Passion was a key topic of conversation at the annual bootcamp of the Harvard Seed Fellows Program, for social entrepreneurs. Forty fellows and their coaches gathered for two weeks to learn about business models, financial management, best nonprofit practices, design thinking and in the case of the workshop I led, communication design.
We covered linguistics, framing, messaging, character and identity and communication strategy in five fast hours, as these principles apply to the diverse issues to which they are dedicating their lives — in education, clean water, children’s education and creativity, aid for migrant children, healthy food, insurance for people in poverty, recycling and climate change. The same issues, we all noted that face people and their governments everywhere.
We had many interesting conversations as we worked through the day, but the most heated (appropriately) was whether passion is a distinguishing characteristic in helping define the worthiness of a social enterprise to funders. Their point was that in China, where pressure to conform to the ideals of conformity and financial return above social value is so great, their passion is what sets them apart. My point was that in any social enterprise, passion is a requirement — the cost of entry — but not an asset that makes any of us unique.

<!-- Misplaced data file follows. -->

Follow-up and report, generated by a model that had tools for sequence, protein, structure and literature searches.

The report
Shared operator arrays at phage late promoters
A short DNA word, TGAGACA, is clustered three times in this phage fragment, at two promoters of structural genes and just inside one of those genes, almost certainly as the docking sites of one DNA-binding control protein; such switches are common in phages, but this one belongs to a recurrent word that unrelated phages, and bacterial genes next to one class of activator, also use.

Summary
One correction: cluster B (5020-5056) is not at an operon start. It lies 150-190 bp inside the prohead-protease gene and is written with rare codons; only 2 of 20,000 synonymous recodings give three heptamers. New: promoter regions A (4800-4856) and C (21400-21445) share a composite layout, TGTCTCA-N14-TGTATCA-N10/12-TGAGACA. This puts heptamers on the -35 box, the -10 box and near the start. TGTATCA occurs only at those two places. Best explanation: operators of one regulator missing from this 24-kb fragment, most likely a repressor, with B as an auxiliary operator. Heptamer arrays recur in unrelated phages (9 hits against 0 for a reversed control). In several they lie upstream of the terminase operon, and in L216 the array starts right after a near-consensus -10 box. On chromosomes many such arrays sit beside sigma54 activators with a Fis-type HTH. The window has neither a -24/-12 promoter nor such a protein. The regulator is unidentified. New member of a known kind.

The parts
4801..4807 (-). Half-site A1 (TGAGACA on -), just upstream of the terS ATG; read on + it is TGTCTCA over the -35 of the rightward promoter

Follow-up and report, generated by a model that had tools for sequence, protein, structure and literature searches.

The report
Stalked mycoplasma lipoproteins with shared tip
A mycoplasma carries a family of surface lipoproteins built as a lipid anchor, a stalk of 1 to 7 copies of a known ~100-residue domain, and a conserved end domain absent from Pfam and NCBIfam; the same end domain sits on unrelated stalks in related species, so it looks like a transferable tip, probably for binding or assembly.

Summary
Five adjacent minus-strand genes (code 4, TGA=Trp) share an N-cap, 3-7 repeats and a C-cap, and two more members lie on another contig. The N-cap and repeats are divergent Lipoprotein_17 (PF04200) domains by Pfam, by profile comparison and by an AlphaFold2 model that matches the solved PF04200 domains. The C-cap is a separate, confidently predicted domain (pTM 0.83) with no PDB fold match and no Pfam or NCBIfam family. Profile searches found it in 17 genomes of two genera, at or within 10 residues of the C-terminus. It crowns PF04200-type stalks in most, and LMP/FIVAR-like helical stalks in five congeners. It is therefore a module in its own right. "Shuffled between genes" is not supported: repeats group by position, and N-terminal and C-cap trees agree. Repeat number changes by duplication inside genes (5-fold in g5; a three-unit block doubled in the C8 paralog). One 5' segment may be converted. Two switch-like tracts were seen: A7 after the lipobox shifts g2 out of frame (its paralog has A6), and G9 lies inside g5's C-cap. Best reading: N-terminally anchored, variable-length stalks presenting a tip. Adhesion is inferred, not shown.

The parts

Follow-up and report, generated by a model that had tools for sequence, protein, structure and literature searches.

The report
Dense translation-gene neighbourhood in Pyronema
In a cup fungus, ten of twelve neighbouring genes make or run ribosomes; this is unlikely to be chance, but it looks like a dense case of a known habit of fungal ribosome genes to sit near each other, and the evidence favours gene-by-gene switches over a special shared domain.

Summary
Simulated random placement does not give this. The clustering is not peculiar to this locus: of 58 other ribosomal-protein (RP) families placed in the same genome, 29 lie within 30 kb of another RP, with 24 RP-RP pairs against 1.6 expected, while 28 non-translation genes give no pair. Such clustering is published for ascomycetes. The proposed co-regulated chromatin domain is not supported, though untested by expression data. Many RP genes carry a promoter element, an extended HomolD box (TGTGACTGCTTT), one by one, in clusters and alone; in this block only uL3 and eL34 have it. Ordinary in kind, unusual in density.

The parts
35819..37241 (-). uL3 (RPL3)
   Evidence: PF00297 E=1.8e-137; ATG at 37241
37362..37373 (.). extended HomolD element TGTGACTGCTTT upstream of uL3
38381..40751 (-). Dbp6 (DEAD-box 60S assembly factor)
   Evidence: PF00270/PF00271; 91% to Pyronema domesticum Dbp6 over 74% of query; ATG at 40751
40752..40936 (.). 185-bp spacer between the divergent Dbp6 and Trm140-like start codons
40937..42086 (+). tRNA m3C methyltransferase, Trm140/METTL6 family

In the end, we agreed that we agreed. Passion should permeate everything. It is the contagion that excites and infects others to participate in solving the challenges that they have identified. The last slide we discussed was the famous quote that defines the real point of brilliant communication, the ability to move people to not only hear ideas, but to act in support of them.
“When Aeschines spoke, they said, ‘How well he speaks.’ But when Demosthenes spoke, they said, ‘Let us march against Phillip.’”
It is both exciting and encouraging to meet these passionate and capable social entrepreneurs in China, who will enlist their own armies to solve the social issues that affect us all.